Print Version

Effective: Summer 2015

Grade Type: Letter Grade, the student may select Pass/No Pass
Not Repeatable.
FHGE: Social & Behavioral Sciences Transferable: CSU/UC
4 hours lecture. (48 hours total per quarter)

Student Learning Outcomes -
  • Students will practice and apply understandings of archaeological method and theory.
  • Students will critically analyze and interpret archaeological data gathered from fieldwork.
  • Students will apply archaeological principles for solving human problems on the local, regional and world scales.
Description -
Introduction to the historical development, theory and techniques of archaeological research and fieldwork. Development of comparative approach to the study of ancient cultures. Focus on cultural resource management, survey and selection of field sites, dating, excavation, artifact classification, interpretation of data and written analysis.

Course Objectives -
The student will be able to:
  1. use and apply basic archaeological terminology.
  2. integrate and apply the newer techniques of laboratory analysis as applied to field data.
  3. analyze the history of archaeology and its relation to the modern world.
  4. evaluate the modern theories and developmental trends in the field.
  5. compare archaeology to other subfields within anthropology.
  6. understand the basic elements of archaeological field excavations.
  7. demonstrate critical thinking skills necessary to understand material culture.
  8. evaluate archaeological reports and written analyses.
  9. identify the various archaeological theories, methods, and techniques used to investigate the human past.
  10. demonstrate an understanding of the nature of scientific inquiry and its application in archaeological research.
  11. articulate the goals, and the legal, operational, and ethical framework of cultural resource management and heritage preservation.
  12. illustrate the use of archaeological methods with reference to cultural sequences.
  13. discuss the relationship between anthropology and archaeology.
Special Facilities and/or Equipment -
When taught as an online distance learning section, students and faculty need ongoing and continuous Internet and Email access.

Course Content (Body of knowledge) -
  1. Introduction to archaeology.
    1. Goals of Archaeology.
      1. Culture History.
      2. Past Lifeways.
      3. Cultural Process.
      4. Scientific methodology.
      5. History of archaeology.
      6. Contemporary archaeology.
        1. careers in archaeology.
        2. politics in archaeology.
    2. Ethics in archaeology.
      1. Working in someone else's backyard.
      2. Case histories from archaeology.
        1. Ohlone in the Silicon Valley.
        2. Maya and Museums.
        3. Other cultures.
  2. Archaeological approaches.
    1. Culture historical interpretation.
    2. Processual archaeology.
    3. The systems-ecological approach.
    4. Postprocessual archaeology.
    5. Evolutionary archaeology.
  3. The basic units of archaeology.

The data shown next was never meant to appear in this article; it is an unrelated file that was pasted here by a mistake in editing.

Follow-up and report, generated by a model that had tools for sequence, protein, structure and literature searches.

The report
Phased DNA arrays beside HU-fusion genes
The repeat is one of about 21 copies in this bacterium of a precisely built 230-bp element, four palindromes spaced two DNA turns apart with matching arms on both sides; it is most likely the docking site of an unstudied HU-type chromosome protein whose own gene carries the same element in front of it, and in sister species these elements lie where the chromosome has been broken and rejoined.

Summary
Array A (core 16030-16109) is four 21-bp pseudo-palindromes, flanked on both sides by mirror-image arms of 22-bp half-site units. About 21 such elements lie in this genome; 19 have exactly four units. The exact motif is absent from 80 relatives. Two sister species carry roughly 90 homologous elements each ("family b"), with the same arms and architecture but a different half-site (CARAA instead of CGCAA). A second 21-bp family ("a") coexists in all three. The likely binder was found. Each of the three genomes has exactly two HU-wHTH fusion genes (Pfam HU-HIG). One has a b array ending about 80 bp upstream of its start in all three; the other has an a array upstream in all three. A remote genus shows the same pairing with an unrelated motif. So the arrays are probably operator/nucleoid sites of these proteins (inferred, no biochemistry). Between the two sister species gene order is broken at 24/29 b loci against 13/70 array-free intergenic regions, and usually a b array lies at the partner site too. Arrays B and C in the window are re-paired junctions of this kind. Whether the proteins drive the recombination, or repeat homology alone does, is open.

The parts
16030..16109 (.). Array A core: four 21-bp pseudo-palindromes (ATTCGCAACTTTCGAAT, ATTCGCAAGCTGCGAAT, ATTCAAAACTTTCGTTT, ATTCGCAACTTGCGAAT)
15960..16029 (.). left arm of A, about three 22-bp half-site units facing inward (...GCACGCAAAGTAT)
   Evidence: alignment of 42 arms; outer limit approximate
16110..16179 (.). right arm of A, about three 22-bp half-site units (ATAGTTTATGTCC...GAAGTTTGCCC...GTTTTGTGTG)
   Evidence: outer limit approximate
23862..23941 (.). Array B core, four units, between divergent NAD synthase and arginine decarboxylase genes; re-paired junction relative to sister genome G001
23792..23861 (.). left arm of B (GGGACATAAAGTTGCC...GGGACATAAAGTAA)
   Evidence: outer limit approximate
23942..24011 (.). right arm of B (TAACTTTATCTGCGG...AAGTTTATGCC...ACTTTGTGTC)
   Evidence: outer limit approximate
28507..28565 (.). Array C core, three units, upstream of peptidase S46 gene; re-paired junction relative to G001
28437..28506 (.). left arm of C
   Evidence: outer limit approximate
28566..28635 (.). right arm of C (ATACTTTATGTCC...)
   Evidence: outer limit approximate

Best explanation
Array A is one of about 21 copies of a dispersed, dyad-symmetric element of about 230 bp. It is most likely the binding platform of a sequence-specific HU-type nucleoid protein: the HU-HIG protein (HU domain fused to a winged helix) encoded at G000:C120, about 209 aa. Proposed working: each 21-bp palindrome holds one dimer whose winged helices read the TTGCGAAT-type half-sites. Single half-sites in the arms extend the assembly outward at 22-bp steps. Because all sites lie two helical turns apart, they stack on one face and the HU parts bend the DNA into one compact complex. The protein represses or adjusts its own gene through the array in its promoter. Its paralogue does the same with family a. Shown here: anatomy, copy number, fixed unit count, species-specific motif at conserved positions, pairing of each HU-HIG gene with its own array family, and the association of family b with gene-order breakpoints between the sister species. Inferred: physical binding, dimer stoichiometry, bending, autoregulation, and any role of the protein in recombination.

1. Artifacts.
    2. Stratigraphy.
    3. Archaeological sites.
    4. Settlement patterns.
    5. Context.
    6. Culture.
  4. Exploration and Discovery: conducting fieldwork.
    1. Site surveying and locating sites.
    2. Site surveying and collecting data.
    3. Excavation: the dig, tools, techniques.
    4. Excavation: recording and preserving.
  5. Analysis and Description.
    1. Dating techniques.
    2. Soil analysis.
    3. Floral and fauna analysis.
    4. Artifact analysis.
    5. Classification, taxonomy, and systematics.
    6. Bioarchaeology: Human remains.
  6. Explaining the past.
    1. The environment.
    2. Environmental Archaeology.
    3. Human Biological Adaptation.
    4. Human Cultural Adaptation.
    5. Domestication and Agriculture.
  7. Settlement and Subsistence.
    1. Subsistence systems.
    2. Ecofactual evidence.
    3. Settlement archaeology.
    4. Site Catchment.
    5. Site Hierarchy.
  8. Understanding Cultural Systems.
    1. Political organizations.
    2. Social stratification.
    3. Origins of states.
    4. Religous organization.
    5. Cosmology.
    6. Archaeoastronomy.
  9. Understanding Cultural Change.
    1. Systems theory.
    2. Diffusion.
    3. Contact and conflict.
    4. Warfare.
  10. Archaeology - Its History and Future.
    1. Collectors and Antiquarians.
    2. Geological developments and human evolution.
    3. Public Archaeology.
      1. Cultural Resource Management.
      2. NAGPRA.
      3. Public education.
      4. Ethics in archaeology.
    4. Archaeology today and tomorrow.
Methods of Evaluation -
  1. Library research analysis based on topics pertinent to class
  2. Group presentations based on classroom hands on exercises
  3. Fieldwork and fieldnotes from attendance at a local field experience
  4. Research paper based on topic pertinent to class
  5. Oral Presentations based on archaeology workbook assignments with archeological scenario that is analyzed.
  6. Essay and Objective Midterm and Final Exams
Representative Text(s) -
Sutton, Mark Q. and Yohe II, Robert M., Archaeology: The Science of the Human Past. Fourth Edition. Boston: Pearson, 2012.
Sullivan, Mary C. and Connell, Samuel, A Case Study in Archaeology: A Student's Perspective. Second Edition. Dubuque, IA: Kendall-Hunt, 2012.

Disciplines -
Method of Instruction -
Lecture, Discussion, Cooperative learning exercises, Field work, Oral presentations, Field trips.
Lab Content -
Not applicable.
Types and/or Examples of Required Reading, Writing and Outside of Class Assignments -
Student required to analyze detailed reports from two archaeology workbooks which allow them to interpret data and present conclusions.